Conclusion: Nevertheless, health professionals are recommending vaccinating children first against the virus rather than elderly people.

Question Type: Strengthen, new information added is valid
Prephase: Ans should relate the premise point (Risk to Old folks) to Conclusion (vaccinating Kids)

Ans B - Last Past "Spreading the flu to Others" confirms the prephase. Correct.

Good luck
=========================================================================================
"If a street performer makes you stop walking, you owe him a buck"
"If this post helps you on your GMAT journey, drop a +1 Kudo "

_________________

Good luck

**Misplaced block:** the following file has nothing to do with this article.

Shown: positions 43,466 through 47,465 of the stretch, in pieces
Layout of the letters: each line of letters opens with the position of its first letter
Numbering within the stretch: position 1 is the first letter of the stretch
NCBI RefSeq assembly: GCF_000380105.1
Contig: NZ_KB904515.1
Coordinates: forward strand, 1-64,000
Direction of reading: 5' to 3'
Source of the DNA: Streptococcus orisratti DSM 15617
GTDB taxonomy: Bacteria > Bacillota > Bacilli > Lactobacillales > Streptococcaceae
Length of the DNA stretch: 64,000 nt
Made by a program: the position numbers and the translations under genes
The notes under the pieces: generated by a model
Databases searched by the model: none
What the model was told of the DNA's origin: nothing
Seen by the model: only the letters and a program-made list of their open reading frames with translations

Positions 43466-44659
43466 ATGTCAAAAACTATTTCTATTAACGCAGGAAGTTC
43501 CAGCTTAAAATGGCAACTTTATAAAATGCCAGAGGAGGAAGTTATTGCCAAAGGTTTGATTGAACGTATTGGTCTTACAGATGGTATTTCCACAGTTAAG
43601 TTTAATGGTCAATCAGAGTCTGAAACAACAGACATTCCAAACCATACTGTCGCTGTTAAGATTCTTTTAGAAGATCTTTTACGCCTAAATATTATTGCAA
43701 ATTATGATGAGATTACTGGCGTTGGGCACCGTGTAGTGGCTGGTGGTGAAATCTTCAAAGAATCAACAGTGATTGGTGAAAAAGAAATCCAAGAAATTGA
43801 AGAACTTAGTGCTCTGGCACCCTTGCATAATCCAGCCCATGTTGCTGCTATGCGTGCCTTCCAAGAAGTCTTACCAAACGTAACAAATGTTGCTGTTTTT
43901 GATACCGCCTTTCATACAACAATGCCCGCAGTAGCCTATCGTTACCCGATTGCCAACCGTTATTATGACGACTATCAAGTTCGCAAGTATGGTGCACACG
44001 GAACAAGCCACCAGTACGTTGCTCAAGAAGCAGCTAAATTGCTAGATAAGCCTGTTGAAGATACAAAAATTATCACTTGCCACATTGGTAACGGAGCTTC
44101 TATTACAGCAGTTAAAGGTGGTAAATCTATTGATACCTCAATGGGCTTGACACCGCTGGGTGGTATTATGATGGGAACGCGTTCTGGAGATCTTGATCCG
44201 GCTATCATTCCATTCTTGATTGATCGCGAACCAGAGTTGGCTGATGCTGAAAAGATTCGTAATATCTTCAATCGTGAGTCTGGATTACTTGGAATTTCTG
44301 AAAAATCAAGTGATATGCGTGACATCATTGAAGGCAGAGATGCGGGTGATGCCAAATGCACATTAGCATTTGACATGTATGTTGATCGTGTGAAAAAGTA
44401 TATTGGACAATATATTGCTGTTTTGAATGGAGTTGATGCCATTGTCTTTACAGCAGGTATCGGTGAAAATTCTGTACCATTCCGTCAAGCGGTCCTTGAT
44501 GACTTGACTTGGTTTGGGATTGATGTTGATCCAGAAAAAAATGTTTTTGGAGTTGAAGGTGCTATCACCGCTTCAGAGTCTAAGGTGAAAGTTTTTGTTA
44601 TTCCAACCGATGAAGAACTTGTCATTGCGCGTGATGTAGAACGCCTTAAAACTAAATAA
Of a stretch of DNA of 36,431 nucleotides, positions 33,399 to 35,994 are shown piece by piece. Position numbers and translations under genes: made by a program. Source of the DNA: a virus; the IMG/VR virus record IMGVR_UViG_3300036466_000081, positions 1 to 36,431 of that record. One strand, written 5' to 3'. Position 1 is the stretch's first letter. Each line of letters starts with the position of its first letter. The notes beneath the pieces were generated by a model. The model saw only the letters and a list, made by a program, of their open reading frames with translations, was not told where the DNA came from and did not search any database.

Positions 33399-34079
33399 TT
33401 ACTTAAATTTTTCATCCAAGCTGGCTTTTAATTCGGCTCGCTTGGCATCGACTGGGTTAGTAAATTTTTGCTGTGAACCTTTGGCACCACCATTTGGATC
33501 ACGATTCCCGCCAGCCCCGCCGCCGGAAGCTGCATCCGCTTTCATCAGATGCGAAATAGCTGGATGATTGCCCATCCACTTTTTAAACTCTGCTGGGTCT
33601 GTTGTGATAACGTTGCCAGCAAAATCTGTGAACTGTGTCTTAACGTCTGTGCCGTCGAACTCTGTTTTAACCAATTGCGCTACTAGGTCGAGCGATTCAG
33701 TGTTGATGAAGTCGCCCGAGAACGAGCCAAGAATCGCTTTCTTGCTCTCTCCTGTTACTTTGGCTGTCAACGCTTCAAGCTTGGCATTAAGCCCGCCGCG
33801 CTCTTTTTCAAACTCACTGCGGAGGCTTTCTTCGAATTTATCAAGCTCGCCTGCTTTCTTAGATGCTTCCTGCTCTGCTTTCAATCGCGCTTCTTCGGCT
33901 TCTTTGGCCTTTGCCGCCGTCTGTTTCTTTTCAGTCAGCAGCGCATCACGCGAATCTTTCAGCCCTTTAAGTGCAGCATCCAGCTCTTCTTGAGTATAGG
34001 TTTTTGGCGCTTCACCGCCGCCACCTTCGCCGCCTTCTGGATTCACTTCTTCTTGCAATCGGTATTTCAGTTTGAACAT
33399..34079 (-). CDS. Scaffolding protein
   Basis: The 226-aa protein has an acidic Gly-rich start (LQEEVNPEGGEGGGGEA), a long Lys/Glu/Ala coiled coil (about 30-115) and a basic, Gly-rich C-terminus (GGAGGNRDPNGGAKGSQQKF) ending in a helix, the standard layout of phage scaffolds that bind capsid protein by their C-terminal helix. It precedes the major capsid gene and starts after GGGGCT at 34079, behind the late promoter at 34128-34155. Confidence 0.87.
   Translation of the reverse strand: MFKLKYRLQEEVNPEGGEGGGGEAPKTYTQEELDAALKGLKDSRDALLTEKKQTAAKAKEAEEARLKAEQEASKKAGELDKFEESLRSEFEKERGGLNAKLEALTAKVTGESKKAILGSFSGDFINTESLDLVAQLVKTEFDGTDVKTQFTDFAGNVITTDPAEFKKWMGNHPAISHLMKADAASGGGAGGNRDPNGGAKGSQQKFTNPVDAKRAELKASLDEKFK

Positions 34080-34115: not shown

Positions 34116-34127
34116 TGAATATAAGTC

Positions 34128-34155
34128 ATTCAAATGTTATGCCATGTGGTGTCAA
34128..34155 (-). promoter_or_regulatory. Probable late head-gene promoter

=========================================================================================
"If a street performer makes you stop walking, you owe him a buck"
"If this post helps you on your GMAT journey, drop a +1 Kudo "


"Thursdays with Ron - Consolidated Verbal Master List - Updated"

Kudos [?]: 90 [0], given: 94

Director
Director
User avatar
Joined: 18 Oct 2014
Posts: 906

Kudos [?]: 411 [0], given: 69

Location: United States
GMAT 1: 660 Q49 V31
GPA: 3.98
GMAT ToolKit User
Re: Conventional wisdom suggests vaccinating elderly people first in flu s [#permalink]

Show Tags

New post 07 Jul 2016, 12:30
AbdurRakib wrote:
Conventional wisdom suggests vaccinating elderly people first in flu season, because they are at greatest risk of dying if they contract the virus. This year’s flu virus poses particular risk to elderly people and almost none at all to younger people, particularly children. Nevertheless, health professionals are recommending vaccinating children first against the virus rather than elderly people.